• The more the Taliban become pragmatic, the more they're going to lose people, and that's what ISIS is counting on - Kamran Bokhari

    Taliban are now gearing into pragmatism because they have to govern.

    This is a fluidic battle space ... hardliners can become disillusioned very easily if Taliban start to make compromises on ideology.

    We saw this in Syria. There were multiple groups that were not ISIS but they lost a lot of fighters to ISIS over the years.

    There are always going to be people who sympathize with this project. - Aymenn Jawad Al-Tamimi

  • A former aide of Osama Bin Laden, Muhammad Amin-ul-Haq, has reportedly returned to his native Nangarhar province for the first time in 20 years after the Taliban takeover in Afghanistan.

    "He served as head of Bin Laden’s security in Tora Bora following the 2001 US-led invasion." - TRT

  • Zabiullah Mujahid, Taliban Spokesman, government of IAEA, in a TRT interview on One on One

    "We had considered appearing in front of the media if we survived, but we thought we'd be killed before our struggle ended, because we were under a lot of threats. For example, I had a phone, and there were American drones above me, ready to drop bombs. I faced many such dangers. So, we never imagined we would survive this long. I always believed we would succeed in our struggle and one day, rid Kabul and all of Afghanistan from the occupation forces. Afghanistan is only for Afghans. We always believed in this. But I never thought I'd live to see that day. I think God for keeping me alive, but I pray for him to fulfill my wish of martyrdom one day. For now, I think we have been given a chance to serve the people, to fulfill all the promises we made to Afghans, and to keep our word to them. We will work hard to find a way to solve people's problems, anywhere, anytime. We have to answer to God and the people."

    "I guess I had always thought I would be martyred in this war. I never thought I would live to see the revolution suceed. Because as I said before I was always in danger. I couldn't even switch my phone on for an hour because the Americans can easily track anyone on a cellular network and capture or kill them. I thought I'd be martyred that way. It was a very difficult position to be in but I was not afraid. I always wanted to be counted amongst the martyrs. But God had different plans for me. This is also one of his blessings, that he wants me to do good. And I hope we can achieve our goals. We always pray for martyrdom."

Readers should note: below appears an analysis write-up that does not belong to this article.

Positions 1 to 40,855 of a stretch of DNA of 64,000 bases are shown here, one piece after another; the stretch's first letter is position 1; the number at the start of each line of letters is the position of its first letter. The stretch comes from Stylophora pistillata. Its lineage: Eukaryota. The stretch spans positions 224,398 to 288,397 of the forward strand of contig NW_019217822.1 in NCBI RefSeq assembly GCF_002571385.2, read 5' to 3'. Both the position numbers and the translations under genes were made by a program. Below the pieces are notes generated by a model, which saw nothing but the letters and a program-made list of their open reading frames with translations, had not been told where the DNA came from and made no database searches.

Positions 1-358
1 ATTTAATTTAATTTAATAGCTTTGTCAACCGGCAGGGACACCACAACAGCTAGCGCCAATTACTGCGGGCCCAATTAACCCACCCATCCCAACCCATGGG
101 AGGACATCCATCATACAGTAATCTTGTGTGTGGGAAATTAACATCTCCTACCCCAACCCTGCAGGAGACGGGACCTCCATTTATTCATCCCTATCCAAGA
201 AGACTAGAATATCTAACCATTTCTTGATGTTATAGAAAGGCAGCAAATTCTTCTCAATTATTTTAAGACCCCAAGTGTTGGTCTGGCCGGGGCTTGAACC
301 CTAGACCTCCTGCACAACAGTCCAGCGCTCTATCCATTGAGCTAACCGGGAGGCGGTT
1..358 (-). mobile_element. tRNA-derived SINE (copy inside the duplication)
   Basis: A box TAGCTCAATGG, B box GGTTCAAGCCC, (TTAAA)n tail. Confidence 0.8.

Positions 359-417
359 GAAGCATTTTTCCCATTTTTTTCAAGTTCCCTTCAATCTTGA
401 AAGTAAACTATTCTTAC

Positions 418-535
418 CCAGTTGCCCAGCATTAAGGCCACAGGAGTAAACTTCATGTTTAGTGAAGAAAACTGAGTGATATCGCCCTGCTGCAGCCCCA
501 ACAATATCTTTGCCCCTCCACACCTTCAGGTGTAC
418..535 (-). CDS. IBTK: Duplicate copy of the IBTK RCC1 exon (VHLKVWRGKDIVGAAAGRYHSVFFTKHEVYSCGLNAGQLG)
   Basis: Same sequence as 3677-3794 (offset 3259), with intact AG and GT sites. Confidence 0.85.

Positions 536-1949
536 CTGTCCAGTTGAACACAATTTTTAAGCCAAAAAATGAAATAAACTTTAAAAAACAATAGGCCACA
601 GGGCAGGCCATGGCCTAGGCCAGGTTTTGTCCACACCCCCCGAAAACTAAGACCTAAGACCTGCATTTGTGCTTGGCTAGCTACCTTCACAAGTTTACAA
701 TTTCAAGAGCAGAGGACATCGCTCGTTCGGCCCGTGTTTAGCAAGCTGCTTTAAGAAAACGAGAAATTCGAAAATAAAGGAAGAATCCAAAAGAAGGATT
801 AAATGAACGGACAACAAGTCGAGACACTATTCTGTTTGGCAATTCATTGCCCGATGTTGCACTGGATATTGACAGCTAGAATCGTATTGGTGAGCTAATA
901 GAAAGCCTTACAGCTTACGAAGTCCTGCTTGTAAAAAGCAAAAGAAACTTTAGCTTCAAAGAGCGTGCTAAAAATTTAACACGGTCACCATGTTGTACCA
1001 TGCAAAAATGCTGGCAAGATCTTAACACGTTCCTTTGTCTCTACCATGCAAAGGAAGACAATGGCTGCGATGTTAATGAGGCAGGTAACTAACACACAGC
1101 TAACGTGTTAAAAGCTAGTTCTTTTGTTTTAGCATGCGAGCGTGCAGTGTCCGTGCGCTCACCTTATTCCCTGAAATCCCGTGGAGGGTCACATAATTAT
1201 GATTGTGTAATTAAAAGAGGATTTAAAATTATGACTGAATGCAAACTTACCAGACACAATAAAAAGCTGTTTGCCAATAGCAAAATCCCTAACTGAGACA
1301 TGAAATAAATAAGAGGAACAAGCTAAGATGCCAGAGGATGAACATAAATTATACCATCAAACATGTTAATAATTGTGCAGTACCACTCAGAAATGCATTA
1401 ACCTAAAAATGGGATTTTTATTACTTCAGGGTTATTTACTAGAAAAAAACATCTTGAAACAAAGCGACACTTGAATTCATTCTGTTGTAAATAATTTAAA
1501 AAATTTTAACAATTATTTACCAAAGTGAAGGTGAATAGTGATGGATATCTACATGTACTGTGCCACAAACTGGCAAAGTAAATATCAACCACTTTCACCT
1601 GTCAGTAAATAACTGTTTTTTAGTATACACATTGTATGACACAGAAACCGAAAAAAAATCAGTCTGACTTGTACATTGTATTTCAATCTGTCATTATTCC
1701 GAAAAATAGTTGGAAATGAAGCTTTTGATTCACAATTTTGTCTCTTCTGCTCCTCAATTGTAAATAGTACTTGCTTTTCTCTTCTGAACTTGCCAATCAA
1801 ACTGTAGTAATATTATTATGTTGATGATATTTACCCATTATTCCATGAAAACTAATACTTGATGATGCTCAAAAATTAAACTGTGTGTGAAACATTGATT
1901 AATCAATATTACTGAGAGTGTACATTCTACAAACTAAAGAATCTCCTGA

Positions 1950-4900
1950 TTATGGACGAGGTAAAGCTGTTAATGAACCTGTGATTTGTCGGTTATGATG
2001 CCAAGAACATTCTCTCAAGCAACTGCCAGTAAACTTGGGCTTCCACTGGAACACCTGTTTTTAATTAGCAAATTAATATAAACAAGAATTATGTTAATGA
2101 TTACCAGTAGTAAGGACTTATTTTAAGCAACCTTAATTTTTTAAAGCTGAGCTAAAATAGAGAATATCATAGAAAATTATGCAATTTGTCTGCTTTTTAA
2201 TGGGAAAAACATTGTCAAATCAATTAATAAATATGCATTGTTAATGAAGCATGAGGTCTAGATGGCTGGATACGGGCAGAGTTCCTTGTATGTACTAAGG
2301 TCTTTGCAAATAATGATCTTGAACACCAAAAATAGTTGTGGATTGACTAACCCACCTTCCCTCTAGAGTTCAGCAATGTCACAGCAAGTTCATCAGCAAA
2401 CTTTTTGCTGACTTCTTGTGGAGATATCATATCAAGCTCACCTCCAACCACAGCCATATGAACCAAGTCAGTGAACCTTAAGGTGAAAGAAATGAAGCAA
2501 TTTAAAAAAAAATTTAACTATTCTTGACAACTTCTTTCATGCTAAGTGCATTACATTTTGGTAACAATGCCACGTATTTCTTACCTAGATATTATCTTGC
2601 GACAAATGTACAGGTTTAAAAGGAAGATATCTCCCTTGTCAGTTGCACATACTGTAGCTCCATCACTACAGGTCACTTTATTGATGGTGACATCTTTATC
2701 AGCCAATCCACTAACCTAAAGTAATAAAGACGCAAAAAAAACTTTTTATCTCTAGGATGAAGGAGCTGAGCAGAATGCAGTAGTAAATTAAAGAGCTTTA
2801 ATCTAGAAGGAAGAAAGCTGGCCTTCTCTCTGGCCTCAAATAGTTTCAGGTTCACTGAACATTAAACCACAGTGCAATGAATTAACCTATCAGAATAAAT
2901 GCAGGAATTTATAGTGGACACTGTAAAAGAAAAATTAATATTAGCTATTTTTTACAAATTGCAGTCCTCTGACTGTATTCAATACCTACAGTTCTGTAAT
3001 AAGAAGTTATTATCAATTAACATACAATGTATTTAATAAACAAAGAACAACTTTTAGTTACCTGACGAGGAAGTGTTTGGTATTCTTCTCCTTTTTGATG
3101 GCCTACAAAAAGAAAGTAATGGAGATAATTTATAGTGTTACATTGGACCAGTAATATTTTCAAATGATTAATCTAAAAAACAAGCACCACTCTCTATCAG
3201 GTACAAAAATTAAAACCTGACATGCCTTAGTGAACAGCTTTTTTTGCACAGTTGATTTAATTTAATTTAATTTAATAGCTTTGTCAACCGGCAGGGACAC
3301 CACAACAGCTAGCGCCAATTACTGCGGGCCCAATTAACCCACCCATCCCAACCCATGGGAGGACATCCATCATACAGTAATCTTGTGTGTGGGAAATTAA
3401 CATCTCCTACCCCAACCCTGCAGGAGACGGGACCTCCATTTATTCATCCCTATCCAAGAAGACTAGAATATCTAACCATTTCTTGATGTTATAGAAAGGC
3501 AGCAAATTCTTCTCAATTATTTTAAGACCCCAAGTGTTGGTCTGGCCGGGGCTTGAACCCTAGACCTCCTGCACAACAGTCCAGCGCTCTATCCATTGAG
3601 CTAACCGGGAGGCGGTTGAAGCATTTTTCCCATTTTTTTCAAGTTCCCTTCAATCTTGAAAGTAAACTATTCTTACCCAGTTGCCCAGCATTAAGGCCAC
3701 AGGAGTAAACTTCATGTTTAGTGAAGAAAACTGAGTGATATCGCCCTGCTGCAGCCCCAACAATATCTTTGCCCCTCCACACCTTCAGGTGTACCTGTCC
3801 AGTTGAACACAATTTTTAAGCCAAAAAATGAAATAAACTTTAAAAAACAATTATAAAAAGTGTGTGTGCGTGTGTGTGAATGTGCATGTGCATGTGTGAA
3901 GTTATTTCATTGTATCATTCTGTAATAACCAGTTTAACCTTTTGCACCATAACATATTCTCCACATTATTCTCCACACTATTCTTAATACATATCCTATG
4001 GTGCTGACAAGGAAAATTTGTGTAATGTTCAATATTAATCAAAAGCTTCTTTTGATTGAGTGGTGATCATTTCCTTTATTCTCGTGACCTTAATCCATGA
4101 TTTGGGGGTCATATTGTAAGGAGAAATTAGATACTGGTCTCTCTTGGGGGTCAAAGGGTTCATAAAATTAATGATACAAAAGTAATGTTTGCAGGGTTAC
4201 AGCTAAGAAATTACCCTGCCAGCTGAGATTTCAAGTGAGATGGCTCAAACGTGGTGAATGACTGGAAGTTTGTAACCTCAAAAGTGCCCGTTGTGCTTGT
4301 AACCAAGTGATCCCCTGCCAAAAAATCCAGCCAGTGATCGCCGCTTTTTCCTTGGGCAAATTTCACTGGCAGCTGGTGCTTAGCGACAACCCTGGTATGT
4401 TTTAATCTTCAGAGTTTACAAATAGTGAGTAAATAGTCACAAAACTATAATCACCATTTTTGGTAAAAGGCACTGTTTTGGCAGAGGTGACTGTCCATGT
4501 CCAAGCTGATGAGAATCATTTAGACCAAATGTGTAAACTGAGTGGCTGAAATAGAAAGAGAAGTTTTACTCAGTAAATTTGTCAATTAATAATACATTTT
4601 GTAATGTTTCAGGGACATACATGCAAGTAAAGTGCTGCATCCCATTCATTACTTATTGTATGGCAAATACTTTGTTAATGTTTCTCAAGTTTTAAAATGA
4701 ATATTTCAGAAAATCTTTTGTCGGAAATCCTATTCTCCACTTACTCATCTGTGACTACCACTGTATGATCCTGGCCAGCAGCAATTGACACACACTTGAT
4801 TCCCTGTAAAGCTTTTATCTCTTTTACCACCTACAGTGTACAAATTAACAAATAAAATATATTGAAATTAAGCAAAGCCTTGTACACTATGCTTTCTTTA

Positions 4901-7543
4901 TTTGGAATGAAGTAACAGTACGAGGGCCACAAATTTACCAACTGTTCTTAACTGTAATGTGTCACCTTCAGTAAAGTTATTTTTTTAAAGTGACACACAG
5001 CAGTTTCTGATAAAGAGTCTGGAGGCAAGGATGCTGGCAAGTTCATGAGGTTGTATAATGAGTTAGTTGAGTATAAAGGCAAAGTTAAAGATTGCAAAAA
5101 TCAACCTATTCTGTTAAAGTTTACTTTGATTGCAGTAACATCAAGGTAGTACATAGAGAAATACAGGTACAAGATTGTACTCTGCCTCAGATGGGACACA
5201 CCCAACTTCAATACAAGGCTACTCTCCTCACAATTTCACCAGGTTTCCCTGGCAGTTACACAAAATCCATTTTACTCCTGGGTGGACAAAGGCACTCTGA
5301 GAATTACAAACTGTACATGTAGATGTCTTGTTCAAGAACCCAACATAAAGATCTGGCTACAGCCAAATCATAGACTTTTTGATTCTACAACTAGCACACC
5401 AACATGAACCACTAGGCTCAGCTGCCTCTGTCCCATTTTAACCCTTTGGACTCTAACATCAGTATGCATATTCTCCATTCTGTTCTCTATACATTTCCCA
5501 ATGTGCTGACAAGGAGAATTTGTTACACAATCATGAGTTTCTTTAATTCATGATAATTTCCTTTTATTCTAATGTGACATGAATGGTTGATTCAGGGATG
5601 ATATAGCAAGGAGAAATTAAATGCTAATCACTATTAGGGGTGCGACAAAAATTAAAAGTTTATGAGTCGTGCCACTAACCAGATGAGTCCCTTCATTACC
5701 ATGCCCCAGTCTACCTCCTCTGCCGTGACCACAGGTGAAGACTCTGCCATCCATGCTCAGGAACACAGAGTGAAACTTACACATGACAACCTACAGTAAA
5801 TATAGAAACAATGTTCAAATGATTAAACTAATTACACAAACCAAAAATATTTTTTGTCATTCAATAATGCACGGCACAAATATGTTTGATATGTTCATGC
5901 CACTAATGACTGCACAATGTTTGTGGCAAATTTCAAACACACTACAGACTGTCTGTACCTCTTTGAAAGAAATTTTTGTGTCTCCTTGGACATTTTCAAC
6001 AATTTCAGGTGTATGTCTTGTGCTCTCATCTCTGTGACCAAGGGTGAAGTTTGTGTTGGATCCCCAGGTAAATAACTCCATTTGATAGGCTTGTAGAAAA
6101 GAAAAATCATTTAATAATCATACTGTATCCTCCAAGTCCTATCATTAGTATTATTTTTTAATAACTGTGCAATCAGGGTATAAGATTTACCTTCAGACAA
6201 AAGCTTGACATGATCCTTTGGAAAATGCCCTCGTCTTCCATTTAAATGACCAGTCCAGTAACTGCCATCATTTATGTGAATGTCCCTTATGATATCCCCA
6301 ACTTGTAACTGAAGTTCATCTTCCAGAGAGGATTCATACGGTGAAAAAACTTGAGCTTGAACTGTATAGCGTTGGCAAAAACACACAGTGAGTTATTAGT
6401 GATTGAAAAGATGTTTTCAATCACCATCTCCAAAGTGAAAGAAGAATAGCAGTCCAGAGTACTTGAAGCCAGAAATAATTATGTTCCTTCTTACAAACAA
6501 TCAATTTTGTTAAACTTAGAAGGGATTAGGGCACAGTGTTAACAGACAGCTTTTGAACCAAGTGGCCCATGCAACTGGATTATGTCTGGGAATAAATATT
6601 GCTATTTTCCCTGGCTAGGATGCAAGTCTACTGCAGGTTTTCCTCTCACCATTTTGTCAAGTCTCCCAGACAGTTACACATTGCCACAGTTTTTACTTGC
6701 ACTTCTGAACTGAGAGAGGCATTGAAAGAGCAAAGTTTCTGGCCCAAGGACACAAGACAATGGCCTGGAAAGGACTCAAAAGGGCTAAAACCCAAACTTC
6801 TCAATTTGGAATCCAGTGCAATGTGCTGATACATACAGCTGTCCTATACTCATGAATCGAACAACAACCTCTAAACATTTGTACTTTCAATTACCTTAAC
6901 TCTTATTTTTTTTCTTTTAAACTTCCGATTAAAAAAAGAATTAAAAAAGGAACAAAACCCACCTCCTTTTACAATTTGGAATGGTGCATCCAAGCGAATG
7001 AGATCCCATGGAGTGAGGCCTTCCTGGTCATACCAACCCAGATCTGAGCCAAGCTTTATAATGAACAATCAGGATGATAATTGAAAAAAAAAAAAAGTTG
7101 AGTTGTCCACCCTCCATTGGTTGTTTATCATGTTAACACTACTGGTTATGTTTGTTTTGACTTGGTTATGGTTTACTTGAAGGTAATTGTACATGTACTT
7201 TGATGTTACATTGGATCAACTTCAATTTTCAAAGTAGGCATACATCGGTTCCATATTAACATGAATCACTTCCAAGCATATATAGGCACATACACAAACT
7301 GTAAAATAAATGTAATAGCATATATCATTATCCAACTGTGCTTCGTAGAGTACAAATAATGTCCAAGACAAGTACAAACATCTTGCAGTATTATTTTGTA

"No one wants to live under the transgressions of an occupying force."

    "If we are terrorists why have we not killed anyone [in the 10 days since entering Kabul]? There is no terrorism here as you can see."

    "We were fighting against foreign occupiers and their puppet regime."

    "The Americans started this war. They attacked us, and got what they deserved. The Americans failed in their mission. The world has seen how they left Afghanistan in a failed state. The situation is not good for the United States. The United States destroyed its reputation in the eyes of the world. THe United States showed its real face to the world. We also saw what they did in Guantanamo and Bagram prisons. They claim to be defenders of human rights, but the world has seen the reality of these tall claims. We saw how the United States conducted itself during war. We have witnessed their reality first-hand."

    "How could they [the Americans] have controlled Afghanistan when they can't even control the airport?"

    "The Americans want Afghans to be dispossessed in refugee camps without a clear future. Thousands of people have been forced to leave without a clear future. Families are being torn apart. Fathers and sons separated."

    "This is a huge issue and hindrance for Afghanistan. Doctors, engineers, teachers, and scholars [fled Afghanistan]. They are the cream of Afghan society. Afghanistan has been in war for a long time. So we have very few skilled professionals. Our motherland needs these skilled professionals."

    "The British want Americans to fail. They want more war. Americans have made the most sacrifices compared to their allies. British political leaders want the war to continue. We remember British leader Tony Blair encouraging Americans to go to war with the Afghans in 2001, and left the Americans alone. ... War benefits no one, but if they want war, they will get war."

    "As I said before, Afghans will not submit to pressure by any country [regarding sanctions]. ... I think Afghanistan should form a diplomatic relation with the US. It's good to listen to one another and work out our differences to find solutions. They bombed us for 20 years. They kept putting our people in agony. Stop this cruelty. Our people have lost patience. We can solve our differences in a diplomatic way. There is no other way except this."